July 10, 2009
Paul Soliai is the last Polynesian standing.
When the native Samoan joined the Dolphins in 2007, the roster was filled with Polynesians. Five spent that season on the roster.
Two years later, everyone is gone but Soliai. And if the former fourth-round pick doesn't get a handle on his weight battles, he might be the next one shown the door.
While the defensive lineman has been decent in spurts, showing flashes of productivity in a few games, his performances and work habits are too inconsistent, coaches say.
Entering his third season, Soliai, who was suspended twice in 2008 for violating team rules, realizes his size and draft status can take him only so far, and that it's time for his work ethic to start carrying him now.
"My rookie year I wasn't productive in what I was doing. I wasn't ready. Last year I was, but there's still another level to take it to, and that's my goal," said Soliai, who has seven tackles and a forced fumble in the 23 games.
"I'm more experienced with the nose [tackle spot] now. I played three technique in college, and I know a lot more than I did in my rookie year. Now it's about putting all that I know and all that I learned on the field with some technique."
Soliai said his focus in 2009 is to "practice like I'm playing in the game."
If he does that, coach Tony Sparano will be pleased because the Dolphins believe the former Utah standout possesses plenty of potential considering the offensive linemen label him the team's most difficult defender to move.
"He's very unique because I've never had a guy that big, that strong and that athletic. Some of the things you watch, it's like 'how did he do that,'" defensive line coach Kacy Rodgers said. "He's just got to keep coming. He's got to really decide what he wants to be as a football player."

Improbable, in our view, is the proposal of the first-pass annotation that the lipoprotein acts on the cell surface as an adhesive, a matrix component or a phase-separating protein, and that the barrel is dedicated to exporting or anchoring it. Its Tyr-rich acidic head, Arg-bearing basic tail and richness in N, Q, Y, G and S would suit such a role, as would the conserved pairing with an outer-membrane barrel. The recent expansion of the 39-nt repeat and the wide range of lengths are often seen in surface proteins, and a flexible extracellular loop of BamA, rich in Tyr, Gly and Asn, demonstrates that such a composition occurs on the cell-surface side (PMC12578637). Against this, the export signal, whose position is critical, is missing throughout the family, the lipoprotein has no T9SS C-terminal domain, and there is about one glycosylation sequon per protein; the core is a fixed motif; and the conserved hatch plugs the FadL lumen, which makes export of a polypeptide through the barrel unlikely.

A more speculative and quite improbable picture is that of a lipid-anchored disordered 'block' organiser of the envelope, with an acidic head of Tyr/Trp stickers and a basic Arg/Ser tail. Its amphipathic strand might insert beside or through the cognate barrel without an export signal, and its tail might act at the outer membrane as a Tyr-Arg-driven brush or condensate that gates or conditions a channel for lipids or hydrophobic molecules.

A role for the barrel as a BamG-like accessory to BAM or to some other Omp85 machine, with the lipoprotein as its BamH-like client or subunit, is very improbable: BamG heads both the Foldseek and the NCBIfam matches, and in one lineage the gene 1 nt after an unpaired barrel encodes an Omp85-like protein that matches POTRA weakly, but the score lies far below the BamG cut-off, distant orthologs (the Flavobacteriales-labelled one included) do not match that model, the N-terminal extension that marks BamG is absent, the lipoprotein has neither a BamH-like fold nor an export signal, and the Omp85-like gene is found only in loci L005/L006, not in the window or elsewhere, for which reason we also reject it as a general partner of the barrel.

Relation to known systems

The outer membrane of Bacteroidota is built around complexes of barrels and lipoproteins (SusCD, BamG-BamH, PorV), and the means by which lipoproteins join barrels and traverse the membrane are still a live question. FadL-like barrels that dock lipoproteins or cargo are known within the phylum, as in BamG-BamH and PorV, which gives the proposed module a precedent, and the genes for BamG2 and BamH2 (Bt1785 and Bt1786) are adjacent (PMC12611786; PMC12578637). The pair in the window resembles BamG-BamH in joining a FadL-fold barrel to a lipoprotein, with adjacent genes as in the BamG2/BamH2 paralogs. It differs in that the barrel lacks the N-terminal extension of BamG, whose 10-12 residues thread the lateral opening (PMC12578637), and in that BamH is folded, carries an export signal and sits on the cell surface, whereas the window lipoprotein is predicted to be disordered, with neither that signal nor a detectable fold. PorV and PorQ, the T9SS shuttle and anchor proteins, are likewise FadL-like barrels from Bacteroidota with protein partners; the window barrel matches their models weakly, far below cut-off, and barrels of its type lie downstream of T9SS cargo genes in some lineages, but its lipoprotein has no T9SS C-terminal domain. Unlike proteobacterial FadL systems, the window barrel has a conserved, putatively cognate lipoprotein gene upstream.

This training camp Soliai has stiffer competition for his spot as Jason Ferguson's backup. Former Gator Joe Cohen, who spent a couple of months on the practice squad, is getting an extended look in camp. And the Dolphins signed Louis Ellis as a rookie free agent.
Tony McDaniel, who was acquired from Jacksonville for a seventh-round pick this offseason, also split his practice time between defensive end and nose tackle during the recent minicamp.
That means if the Dolphins don't like what they see from Soliai heading into training camp, or during it, it will be easier to move on. However, those who watched Soliai flash plenty of upside during the team's offseason work realize there's still hope.
"Paul is a big dude, but don't get it mistaken now, he can move with it," Ferguson said.
Sparano has given Soliai, who is hovering around 350 pounds, an undisclosed weight he needs to be at for training camp. Last week, Soliai said his focus over the next six weeks will be getting there.
"It's not hard," he said. "It's just about being committed to it, committed to watching my weight."
Sparano said he'll be watching how serious Soliai is to being a "professional," which Sparano hinted is at the heart of the problem.
"I've just got to stay on this guy because I'm telling you, I think he's got a lot of untapped potential," Rodgers said. "He's great in the meeting room. He's great around us. We've just got to get to him. We've got to see how good can this guy be."